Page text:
Afterwards—Forgetting, Remembering, Transmitting : Extreme Trauma and Culture in Post-National-Socialist Germany

Facing the rupture the Shoah marks in the history of humanity and in the life of survivors and their relatives, this article approaches long-term psychosocial consequences—after Auschwitz. The dimensions of “forgetting” in post-Nazi Germany are brought into focus by the remembering and passing on of extreme traumatic experiences of persecution.


To gain insights into these processes, this article differentiates between traumatization and extreme traumatization. Survivors remember and pass on their experiences of persecution, especially through non-verbal communication and in the form of unconsciously shaped “scenes.” This Scenic Memory of the Shoah is conveyed in relationships with descendants, to fellow human beings, to the environment and thus also in experiences of anti-Semitism in Germany today. The fact that extreme traumatization is expressed precisely in scenes of coexistence also means that it must be understood as an embedded factor in society, in culture—in forgetting and remembering “afterwards.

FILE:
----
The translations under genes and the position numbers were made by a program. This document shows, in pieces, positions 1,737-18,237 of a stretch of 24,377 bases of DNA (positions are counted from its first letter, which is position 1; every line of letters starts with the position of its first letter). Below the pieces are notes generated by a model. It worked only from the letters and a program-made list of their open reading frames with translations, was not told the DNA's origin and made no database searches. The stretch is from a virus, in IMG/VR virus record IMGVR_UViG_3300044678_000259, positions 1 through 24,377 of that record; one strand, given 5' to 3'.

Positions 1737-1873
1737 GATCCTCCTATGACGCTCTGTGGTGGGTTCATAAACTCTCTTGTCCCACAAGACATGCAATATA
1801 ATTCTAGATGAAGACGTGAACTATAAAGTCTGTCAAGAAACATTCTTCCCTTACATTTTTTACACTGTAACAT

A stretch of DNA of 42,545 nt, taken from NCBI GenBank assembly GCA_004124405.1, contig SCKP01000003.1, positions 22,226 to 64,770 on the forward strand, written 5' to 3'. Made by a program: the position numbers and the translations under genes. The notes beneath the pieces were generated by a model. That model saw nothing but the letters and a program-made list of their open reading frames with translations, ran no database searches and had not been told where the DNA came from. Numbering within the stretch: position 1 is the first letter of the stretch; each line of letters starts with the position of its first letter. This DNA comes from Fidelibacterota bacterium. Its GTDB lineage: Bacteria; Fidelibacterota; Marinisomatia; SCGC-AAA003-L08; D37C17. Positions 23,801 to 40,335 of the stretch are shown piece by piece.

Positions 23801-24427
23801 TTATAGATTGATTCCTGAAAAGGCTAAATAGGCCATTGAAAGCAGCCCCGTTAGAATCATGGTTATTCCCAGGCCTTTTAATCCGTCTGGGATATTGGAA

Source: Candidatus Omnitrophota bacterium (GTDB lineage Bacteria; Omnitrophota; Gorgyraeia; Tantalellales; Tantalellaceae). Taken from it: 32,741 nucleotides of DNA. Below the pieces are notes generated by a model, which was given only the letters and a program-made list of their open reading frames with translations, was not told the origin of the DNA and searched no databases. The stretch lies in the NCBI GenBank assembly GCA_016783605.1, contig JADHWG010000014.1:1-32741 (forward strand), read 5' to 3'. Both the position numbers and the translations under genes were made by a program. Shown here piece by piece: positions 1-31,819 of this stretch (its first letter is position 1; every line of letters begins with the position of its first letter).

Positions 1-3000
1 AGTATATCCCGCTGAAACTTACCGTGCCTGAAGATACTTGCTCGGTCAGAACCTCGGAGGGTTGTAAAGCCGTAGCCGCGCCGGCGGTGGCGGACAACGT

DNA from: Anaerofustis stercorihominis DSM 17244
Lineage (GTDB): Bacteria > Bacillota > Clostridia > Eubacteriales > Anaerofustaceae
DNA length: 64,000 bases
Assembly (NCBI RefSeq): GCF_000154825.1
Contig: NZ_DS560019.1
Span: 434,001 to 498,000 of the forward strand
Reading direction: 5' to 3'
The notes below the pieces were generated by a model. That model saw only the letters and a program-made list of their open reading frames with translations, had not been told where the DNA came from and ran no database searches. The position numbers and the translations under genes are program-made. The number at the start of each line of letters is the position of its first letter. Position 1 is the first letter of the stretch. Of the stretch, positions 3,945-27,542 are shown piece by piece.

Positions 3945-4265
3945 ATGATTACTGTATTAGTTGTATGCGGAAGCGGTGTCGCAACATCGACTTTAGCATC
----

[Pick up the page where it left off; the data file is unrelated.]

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Kurt Grünberg | 2022
In: American Journal of Psychoanalysis ; ISSN: 0002-9548 | 82 | 405-425
Cultural Values, Family Members, Germans, Intergenerational Effects, Long-term mental health, Persecution, Posttraumatic Stress Disorder, Psychosocial impact, Psychotrauma, PTSD (en), Remembrance, Survivors, World War II